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How companies can better tap Generation Z

By Zhang Yu | China Daily | Updated: 2021-02-22 09:41

A girl takes photos with a tourist at the anime culture carnival organized by Chinese video platform Bilibili, in Shanghai on Dec 12, 2020. [Photo/Sipa]

Many online elements and scenarios can be extended to the offline space, like animation exhibitions, which is also a very important factor to be considered for consumption analysis. The Gen Zers also play a major role in boosting the popularity of many novel consumer products, like Hi Tea and blind boxes.

Based on the scenarios and behaviors discussed so far, it is possible to identify several features that distinguish the Gen Z and gain insights into factors that drive them as consumers.

First, the Gen Zers are keen on the convenience of consumption. With the upgrading of consumption, the Gen Zers are relying more and more on products delivered straight to them, rather than reaching out for products or services themselves.

This is particularly true in dining and shopping. With demand for personalized consumption increasing rapidly all the time, many innovative and convenient products like self-heating hotpots have appeared on the shelves.

Second, a typical Gen Z person happens to be the only child of his/her family. During their time alone, which tends to be long because their parents often have little time for them, the Gen Zers usually spend time on online social networks, gaming, esports and online videos.

They need company or e-companions, who could be from friends on online social networks or small pets at home. The Gen Zers may have dolls at home, or even virtual idols on the internet, such as Luo Tianyi, a virtual idol popular among the Gen Zers on Bilibili. Therefore, providers of good or pleasant company online will likely be preferred by the Gen Z. The latter would be willing to pay for such services.

The Gen Zers like to express views and engage in interactions. They often spend a lot of time to research the comments and make evaluations before shopping decisions.

Also, they are willing to express their opinions on the purchase. Therefore, there will be many product assessments and comments in the communities they gather at. These reviews and evaluations are significant channels for sellers and service providers to obtain feedback and other information.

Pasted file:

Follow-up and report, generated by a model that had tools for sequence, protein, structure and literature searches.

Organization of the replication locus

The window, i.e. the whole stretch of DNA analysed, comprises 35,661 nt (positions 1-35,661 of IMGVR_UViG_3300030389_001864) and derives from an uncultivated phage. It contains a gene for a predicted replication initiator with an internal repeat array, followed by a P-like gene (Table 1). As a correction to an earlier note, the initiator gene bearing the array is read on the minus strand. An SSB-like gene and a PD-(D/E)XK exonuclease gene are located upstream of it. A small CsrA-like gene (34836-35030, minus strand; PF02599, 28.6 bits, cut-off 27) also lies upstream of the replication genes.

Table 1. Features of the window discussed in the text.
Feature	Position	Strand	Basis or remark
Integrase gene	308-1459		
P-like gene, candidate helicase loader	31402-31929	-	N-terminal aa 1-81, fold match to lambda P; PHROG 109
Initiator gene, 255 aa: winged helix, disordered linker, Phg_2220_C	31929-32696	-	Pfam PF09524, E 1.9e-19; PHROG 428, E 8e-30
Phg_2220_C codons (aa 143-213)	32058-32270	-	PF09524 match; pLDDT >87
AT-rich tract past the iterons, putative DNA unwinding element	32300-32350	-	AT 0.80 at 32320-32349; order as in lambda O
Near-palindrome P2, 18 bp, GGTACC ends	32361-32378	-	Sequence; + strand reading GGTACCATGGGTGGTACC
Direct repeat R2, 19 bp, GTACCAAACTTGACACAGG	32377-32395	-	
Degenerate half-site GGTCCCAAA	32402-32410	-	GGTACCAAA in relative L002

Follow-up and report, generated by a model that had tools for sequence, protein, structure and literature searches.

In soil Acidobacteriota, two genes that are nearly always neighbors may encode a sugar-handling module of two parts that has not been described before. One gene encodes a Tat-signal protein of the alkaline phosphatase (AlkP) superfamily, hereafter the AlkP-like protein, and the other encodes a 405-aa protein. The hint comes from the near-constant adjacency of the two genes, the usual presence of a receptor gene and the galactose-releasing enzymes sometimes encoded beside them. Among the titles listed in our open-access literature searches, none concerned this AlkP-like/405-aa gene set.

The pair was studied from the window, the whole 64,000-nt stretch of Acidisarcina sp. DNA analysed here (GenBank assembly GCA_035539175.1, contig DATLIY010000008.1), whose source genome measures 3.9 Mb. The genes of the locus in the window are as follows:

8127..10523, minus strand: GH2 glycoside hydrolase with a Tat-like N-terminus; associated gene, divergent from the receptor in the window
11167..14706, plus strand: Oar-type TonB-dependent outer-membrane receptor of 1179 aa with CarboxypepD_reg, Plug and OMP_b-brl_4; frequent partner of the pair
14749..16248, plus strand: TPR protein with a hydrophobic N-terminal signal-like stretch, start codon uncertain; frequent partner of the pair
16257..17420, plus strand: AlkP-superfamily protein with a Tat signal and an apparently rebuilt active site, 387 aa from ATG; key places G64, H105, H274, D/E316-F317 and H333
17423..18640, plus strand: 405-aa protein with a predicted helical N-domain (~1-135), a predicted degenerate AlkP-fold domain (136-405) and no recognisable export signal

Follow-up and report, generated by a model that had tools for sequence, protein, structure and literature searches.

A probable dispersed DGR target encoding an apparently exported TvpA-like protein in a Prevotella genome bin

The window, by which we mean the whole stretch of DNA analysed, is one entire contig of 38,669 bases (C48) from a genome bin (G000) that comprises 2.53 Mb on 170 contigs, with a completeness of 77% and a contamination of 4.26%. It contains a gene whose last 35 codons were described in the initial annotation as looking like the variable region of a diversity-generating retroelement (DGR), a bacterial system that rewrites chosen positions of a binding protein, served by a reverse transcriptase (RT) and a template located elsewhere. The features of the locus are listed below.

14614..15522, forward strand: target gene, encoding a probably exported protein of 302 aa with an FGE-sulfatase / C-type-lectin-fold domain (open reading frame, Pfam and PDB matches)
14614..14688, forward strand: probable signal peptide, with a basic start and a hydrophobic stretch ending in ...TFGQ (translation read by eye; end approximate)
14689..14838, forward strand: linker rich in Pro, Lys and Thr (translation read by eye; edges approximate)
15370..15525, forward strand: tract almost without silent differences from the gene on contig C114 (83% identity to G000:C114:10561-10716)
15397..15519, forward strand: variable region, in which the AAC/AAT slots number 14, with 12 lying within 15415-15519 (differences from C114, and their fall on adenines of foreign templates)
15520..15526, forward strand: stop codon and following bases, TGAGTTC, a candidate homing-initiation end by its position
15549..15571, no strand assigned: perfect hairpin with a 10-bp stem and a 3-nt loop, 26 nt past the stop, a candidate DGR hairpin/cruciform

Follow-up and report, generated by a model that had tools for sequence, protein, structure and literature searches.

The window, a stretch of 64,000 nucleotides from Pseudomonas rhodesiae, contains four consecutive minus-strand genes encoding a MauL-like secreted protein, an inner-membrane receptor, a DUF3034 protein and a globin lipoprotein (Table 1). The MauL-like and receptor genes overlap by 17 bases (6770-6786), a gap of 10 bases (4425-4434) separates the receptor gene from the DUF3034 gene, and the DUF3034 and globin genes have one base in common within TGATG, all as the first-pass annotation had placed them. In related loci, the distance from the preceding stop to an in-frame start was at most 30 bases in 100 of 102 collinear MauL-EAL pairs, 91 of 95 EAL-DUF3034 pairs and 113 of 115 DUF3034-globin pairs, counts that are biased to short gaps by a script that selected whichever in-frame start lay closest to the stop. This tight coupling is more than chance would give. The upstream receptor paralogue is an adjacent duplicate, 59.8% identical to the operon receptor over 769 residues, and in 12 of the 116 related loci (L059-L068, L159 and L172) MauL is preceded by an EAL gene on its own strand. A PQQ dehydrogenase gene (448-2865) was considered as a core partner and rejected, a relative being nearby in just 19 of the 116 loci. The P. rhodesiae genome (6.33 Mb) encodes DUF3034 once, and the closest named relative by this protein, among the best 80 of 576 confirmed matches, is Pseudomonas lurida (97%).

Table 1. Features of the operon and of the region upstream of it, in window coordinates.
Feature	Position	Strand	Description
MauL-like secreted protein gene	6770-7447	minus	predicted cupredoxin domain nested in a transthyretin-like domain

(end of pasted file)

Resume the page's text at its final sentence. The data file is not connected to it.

Third, the Gen Z-consumers are concerned about product quality more. They are sensitive to certain facts like whether or not the products they consume are beneficial to their own health, whether or not they were made in environmentally friendly ways, and whether or not the companies concerned are fulfilling their corporate social responsibilities.

For instance, Genki Forest, a Chinese brand known for its flavored sparkling water and oolong tea, has made waves for its fashion sense and eye-catching product designs. But where it really shines is with its sugar-free, fat-free, calorie-free product features.

Genki has gained much popularity among the Gen Z-consumers in recent years. The company, since its founding in 2016, grew its sales rapidly with a presence in 53,286 convenience stores across China, backed by 131,375 offline retailers. This helped it to expand to more than 11 overseas markets.

It is also worth noting that the Gen Z constitute a group that pursues individuality. At Bilibili, the bullet curtain represents the interactive way for the Gen Zers. For example, "AWSL (ah, I'm dead) "expresses amazement or "helplessness" peculiar to young people.

To conclude, for companies desiring growth, it is paramount to understand the Gen Z. To that end, it might be a good idea for every company to have an account on websites and apps popular among the group, and understand the nature of interactions in the community.

Better still, companies should become part of the community, observe the goings on, carry out systematic studies and research on consumption styles, and gain insights in order to reach and serve the Gen Zers better.

The writer is an associate professor of strategy with the China Europe International Business School in Shanghai.

The views don't necessarily reflect those of China Daily.

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